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A Q&A with Harvard history professor Fredrik Logevall on what might have been between Vietnam and the U.S. 

Fredrik Logevall, Laurence D. Belfer professor of international affairs at the Kennedy School and professor of history in Harvard’s Faculty of Arts and Sciences, has edited or written multiple books. Embers of War: The Fall of an Empire and the Making of America’s Vietnam, won the 2015 Pulitzer Prize for History. He is writing a biography of John F. Kennedy.

Vietnamese nationalist Ho Chi Minh attended the 1919 peace talks at Versailles. He hoped to meet President Woodrow Wilson, whose policy of political self-determination encouraged Ho and allies to try to get the French out of Indochina. What happened? Ho, 28, perhaps was naïve to think Wilson, who stood center stage at the conference, would see him, but believed he had a chance; he even rented a morning coat for the occasion. His hopes were in vain; he met no world leaders at all. Little did anyone know that Ho would become one of the century’s great revolutionaries, more recognizable to more people than the leaders who snubbed him at Versailles.

Harvard history professor Fredrik Logevall

During WWII, President Franklin Roosevelt argued that colonialism’s day was done, and that France should quit Indochina. What did he see that others didn’t? Roosevelt saw that the era of imperialism was ending. He wanted the United States to be on the right side of history. He blamed European colonialism as a factor in both world wars, and thought it stood to keep sparking global conflagrations. He was prepared to give colonial powers time to yield control, but, unlike some historians, I believe FDR went to his grave convinced the imperialist system was bankrupt and decolonization inevitable. Had Roosevelt lived into 1946 or beyond, he might have worked to keep France from reclaiming Indochina and might have succeeded. It’s an enduring “What If?”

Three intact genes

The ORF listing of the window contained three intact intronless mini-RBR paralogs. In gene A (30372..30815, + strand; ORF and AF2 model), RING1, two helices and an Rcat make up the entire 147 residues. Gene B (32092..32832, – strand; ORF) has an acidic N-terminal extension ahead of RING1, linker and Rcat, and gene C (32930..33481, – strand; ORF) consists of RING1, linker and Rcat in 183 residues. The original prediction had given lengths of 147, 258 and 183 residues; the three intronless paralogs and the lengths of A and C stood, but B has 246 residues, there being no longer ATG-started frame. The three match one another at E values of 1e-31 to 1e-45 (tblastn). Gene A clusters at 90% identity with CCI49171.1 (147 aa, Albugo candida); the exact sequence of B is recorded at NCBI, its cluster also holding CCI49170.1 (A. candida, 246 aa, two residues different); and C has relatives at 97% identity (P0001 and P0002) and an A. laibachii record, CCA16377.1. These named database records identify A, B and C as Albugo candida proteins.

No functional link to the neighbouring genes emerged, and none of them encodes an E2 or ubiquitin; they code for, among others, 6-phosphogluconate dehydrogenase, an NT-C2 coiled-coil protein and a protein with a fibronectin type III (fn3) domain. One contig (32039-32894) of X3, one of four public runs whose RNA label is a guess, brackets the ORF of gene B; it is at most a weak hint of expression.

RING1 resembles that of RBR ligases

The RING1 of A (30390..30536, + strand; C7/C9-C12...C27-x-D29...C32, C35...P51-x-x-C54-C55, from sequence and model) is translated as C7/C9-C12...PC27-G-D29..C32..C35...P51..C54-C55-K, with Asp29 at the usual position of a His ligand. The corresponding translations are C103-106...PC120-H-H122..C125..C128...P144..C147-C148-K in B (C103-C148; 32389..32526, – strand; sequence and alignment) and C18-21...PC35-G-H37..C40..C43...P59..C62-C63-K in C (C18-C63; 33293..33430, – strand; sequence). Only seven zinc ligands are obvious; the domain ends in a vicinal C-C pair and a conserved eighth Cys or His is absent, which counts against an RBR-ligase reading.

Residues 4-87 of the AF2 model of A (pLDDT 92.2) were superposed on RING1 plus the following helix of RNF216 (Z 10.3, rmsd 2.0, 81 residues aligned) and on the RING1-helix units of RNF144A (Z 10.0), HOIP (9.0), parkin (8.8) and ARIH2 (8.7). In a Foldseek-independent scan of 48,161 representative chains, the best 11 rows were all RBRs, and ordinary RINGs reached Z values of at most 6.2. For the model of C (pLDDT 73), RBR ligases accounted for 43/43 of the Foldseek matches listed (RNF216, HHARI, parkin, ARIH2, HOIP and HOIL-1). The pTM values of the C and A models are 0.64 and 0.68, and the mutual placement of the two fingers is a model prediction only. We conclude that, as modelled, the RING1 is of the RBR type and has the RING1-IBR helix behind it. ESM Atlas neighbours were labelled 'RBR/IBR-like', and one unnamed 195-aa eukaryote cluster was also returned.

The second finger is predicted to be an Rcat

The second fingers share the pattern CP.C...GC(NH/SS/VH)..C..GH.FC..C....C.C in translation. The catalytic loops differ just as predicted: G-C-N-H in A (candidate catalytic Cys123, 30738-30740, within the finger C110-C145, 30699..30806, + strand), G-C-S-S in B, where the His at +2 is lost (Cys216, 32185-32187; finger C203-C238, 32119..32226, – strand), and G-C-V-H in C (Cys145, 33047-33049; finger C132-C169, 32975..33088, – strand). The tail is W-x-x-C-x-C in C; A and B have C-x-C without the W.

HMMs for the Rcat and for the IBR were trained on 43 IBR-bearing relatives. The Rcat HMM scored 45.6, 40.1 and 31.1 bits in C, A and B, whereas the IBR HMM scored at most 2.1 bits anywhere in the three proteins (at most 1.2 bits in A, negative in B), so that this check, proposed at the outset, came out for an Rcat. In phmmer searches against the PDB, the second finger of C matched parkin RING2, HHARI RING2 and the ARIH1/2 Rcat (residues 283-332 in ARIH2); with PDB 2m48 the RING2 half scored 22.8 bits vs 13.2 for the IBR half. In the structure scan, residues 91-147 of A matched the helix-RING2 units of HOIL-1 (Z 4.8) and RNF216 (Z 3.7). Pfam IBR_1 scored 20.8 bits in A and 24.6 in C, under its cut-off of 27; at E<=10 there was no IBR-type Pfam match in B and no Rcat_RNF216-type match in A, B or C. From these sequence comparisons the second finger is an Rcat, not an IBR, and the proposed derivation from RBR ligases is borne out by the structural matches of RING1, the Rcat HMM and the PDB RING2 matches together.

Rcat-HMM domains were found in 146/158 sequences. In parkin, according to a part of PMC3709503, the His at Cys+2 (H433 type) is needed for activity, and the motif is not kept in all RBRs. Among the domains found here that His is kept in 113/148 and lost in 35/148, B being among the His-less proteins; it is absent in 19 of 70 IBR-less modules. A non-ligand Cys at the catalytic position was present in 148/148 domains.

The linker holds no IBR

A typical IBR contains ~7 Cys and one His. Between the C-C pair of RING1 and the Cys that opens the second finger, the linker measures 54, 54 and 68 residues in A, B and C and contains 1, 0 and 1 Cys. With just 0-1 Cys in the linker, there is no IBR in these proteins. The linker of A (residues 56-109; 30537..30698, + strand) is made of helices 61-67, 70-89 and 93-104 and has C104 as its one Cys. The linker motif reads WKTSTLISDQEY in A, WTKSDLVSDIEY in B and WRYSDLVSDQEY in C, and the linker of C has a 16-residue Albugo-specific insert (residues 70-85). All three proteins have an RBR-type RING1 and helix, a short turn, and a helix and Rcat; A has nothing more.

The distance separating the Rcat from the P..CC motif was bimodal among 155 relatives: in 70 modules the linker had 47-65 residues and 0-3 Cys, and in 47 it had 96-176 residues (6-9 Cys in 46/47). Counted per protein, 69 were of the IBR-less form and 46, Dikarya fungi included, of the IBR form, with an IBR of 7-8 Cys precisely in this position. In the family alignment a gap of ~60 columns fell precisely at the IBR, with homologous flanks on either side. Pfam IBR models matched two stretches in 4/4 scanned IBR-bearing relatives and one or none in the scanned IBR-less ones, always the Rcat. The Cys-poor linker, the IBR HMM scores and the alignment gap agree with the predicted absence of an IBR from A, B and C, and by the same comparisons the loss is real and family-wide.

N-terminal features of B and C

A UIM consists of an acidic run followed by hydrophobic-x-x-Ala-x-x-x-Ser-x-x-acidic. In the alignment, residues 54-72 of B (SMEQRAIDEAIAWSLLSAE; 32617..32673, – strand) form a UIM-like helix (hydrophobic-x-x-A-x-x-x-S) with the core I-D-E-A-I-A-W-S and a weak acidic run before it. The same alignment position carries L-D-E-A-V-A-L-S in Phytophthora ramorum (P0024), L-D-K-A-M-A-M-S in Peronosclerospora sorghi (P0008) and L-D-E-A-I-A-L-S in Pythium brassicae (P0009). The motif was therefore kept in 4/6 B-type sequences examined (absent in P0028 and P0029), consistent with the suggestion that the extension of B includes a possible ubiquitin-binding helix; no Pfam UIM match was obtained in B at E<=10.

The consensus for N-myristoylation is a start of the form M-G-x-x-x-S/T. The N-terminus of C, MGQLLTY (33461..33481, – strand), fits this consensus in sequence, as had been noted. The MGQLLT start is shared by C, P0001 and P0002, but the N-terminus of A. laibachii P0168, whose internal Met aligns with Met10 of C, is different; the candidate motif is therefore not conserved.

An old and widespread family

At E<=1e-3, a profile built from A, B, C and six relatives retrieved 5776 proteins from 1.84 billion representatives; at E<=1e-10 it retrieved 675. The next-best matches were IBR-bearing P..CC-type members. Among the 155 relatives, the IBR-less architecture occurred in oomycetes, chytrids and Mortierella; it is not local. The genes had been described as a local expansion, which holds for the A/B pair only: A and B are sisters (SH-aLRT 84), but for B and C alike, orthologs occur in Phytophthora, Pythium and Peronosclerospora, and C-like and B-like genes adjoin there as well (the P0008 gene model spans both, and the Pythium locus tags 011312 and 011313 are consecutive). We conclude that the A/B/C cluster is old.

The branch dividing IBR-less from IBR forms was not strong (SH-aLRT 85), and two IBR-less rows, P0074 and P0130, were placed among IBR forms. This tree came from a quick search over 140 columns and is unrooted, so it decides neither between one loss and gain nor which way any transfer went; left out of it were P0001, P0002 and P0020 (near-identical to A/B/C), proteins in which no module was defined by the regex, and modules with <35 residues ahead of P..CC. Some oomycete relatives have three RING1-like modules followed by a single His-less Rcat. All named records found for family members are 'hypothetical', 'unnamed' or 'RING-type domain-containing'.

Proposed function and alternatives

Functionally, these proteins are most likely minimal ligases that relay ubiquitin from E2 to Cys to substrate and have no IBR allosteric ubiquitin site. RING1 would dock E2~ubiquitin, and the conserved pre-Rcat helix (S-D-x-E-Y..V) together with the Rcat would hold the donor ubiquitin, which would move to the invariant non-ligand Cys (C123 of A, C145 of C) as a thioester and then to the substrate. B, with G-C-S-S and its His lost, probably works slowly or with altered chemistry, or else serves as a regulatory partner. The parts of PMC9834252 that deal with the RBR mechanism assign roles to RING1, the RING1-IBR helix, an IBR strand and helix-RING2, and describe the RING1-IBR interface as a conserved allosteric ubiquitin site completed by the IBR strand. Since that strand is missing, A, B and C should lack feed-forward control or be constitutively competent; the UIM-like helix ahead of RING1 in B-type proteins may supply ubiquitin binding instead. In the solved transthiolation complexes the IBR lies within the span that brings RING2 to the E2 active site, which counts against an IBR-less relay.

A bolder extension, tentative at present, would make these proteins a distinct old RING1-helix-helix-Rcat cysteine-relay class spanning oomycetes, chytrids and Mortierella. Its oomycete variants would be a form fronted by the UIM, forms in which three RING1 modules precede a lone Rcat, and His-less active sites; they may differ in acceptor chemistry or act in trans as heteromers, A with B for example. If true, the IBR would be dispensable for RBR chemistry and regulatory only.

President Ho Chi Minh, in white, signs a decree promulgating the Socialist Constitution of the Democratic Republic of Vietnam.

Ho worked with the U.S. Office of Strategic Services during WWII to oust the Japanese from Indochina. It’s one of the ironies of this story that Ho Chi Minh, who before WWI lived in Boston and New York, had deep admiration for the United States and its institutions. At least until the late 1940s—well into the Vietnamese insurrection against France—he hoped that America would back his cause. OSS officers he met in 1945 liked him and supported him, which naturally encouraged his belief that he could gain American backing for Vietnamese independence.

But President Harry Truman tacitly endorsed returning Indochina to France. At war’s end, the United States was preeminent in the world, particularly East Asia. A different tilt by Truman could have altered the path leading to the Franco-Viet Minh War. But hindsight can distort. In late 1945, Truman had bigger fish to fry, especially in Europe. He could not have known that Indochina would become the scene of a major world struggle. It’s not entirely surprising that he would ignore Ho’s pleas.